All Headline News
Jan, 16 2007
By Danielle GoddardEdmonton
, AB (AHN) - It is expected there would be no problems securing funding to explore a drug that could shrink cancerous tumors and has no side-effects in humans, but University of Alberta researcher Evangelos Michelakis has hit a stalemate with the private sector who would normally fund such a venture.
Michelakis' drug is none other than dichloroacetate (DCA), a drug which cannot be patented and costs pennies to make.
It's no wonder he can't secure the $400-600 million needed to conduct human trials with the medicine - the drug doesn't have the potential to make enough money.
Michelakis told reporters they will be applying to public agencies for funding, as pharmaceuticals are reluctant to pick up the drug.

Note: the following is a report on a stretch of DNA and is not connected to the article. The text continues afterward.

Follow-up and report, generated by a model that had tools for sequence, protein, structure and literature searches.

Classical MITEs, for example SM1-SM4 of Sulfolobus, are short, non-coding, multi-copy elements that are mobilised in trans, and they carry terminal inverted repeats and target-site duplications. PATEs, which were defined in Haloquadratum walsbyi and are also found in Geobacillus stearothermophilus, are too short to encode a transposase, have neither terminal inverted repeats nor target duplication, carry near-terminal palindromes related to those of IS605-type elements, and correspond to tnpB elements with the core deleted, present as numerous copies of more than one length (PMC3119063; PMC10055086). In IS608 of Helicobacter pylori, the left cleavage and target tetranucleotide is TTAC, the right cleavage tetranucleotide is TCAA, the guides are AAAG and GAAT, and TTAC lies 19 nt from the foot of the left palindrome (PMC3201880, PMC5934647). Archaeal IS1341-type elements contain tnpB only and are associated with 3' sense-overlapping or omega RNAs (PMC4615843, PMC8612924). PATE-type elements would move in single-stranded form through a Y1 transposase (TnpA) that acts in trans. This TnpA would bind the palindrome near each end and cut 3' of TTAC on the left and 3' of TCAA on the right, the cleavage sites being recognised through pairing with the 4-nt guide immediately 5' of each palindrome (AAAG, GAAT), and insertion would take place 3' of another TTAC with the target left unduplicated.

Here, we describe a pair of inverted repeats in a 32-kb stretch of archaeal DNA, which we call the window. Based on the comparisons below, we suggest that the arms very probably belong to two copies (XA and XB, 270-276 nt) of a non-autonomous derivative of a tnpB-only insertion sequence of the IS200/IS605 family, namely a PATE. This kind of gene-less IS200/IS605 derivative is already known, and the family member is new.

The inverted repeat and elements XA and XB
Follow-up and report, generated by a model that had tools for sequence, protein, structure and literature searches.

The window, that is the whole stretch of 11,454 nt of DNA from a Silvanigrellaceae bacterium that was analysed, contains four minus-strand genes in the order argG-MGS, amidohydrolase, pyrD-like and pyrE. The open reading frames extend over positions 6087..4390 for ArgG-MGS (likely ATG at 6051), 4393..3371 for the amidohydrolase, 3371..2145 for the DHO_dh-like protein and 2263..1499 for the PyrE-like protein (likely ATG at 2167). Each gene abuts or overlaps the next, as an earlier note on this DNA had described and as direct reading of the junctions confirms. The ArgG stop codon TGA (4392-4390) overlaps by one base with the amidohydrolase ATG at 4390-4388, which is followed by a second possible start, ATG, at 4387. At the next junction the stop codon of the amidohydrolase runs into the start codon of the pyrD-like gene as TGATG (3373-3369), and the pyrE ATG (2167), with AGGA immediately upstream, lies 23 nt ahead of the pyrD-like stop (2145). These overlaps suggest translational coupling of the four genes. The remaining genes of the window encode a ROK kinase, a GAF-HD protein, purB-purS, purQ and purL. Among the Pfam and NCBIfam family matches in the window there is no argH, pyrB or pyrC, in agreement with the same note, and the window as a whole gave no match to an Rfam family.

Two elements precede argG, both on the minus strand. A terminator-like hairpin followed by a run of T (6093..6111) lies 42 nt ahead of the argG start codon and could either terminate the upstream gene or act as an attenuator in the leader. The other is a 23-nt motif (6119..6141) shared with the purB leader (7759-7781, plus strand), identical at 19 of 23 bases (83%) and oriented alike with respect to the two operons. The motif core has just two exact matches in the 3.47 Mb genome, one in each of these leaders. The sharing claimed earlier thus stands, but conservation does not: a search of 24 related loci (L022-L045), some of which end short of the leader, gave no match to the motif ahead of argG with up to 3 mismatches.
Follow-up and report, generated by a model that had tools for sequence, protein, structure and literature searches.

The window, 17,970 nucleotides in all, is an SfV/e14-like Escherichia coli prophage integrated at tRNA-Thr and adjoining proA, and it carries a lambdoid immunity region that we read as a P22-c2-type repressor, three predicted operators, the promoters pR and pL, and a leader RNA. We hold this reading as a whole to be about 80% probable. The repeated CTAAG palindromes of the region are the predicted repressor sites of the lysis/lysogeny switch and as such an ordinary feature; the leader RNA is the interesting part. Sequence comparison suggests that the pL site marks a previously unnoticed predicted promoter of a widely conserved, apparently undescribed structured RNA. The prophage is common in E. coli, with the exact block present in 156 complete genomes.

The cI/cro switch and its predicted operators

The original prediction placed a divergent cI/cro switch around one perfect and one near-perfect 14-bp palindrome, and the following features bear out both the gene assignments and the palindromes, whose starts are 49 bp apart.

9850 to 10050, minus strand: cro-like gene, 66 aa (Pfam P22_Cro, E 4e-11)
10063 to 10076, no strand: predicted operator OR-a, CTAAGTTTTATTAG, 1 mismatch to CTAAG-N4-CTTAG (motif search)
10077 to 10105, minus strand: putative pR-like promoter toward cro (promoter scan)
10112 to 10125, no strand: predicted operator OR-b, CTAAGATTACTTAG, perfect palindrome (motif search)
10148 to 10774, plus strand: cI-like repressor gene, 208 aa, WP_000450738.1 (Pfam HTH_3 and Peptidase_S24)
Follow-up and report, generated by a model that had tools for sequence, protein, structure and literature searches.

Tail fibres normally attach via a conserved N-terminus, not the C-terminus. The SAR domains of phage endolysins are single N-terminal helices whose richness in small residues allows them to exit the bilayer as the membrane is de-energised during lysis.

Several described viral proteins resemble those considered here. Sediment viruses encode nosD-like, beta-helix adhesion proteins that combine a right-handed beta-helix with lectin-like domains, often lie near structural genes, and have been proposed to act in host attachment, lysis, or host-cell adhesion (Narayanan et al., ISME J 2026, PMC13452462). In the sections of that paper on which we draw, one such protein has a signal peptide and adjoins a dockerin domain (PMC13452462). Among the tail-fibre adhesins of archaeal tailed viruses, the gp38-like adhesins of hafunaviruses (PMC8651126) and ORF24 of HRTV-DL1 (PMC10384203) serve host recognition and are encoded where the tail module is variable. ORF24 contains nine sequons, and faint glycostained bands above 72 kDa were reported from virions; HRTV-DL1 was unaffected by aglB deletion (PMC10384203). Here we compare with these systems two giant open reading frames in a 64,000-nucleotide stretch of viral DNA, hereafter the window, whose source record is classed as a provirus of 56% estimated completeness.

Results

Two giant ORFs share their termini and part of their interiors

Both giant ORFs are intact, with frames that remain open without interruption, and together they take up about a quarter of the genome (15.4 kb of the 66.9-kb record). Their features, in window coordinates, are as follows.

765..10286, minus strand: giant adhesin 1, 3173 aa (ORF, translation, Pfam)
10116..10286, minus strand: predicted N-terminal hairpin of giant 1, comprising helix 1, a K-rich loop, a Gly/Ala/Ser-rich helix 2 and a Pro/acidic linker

At roughly $2 a dose, there isn't much chance to make a billion on the cancer treatment over the long term.
According to research on DCA, formerly used to fight metabolic disease in children, the drug apparently revitalizes damaged mitochondria in cancer cells, effectively triggering cell death and shrinking the cells.
"One of the really exciting things about this compound is that it might be able to treat many different forms of cancer," explained Michelakis.All Headline News Small molecule offers hope for cancer treatment
A small, non-toxic molecule may soon be available as an inexpensive treatment for many forms of cancer, including lung, breast and brain tumours, say University of Alberta researchers.
But there's a catch: the drug isn't patented, and pharmaceutical companies may not be interested in funding further research if the treatment won't make them a profitContinues here>>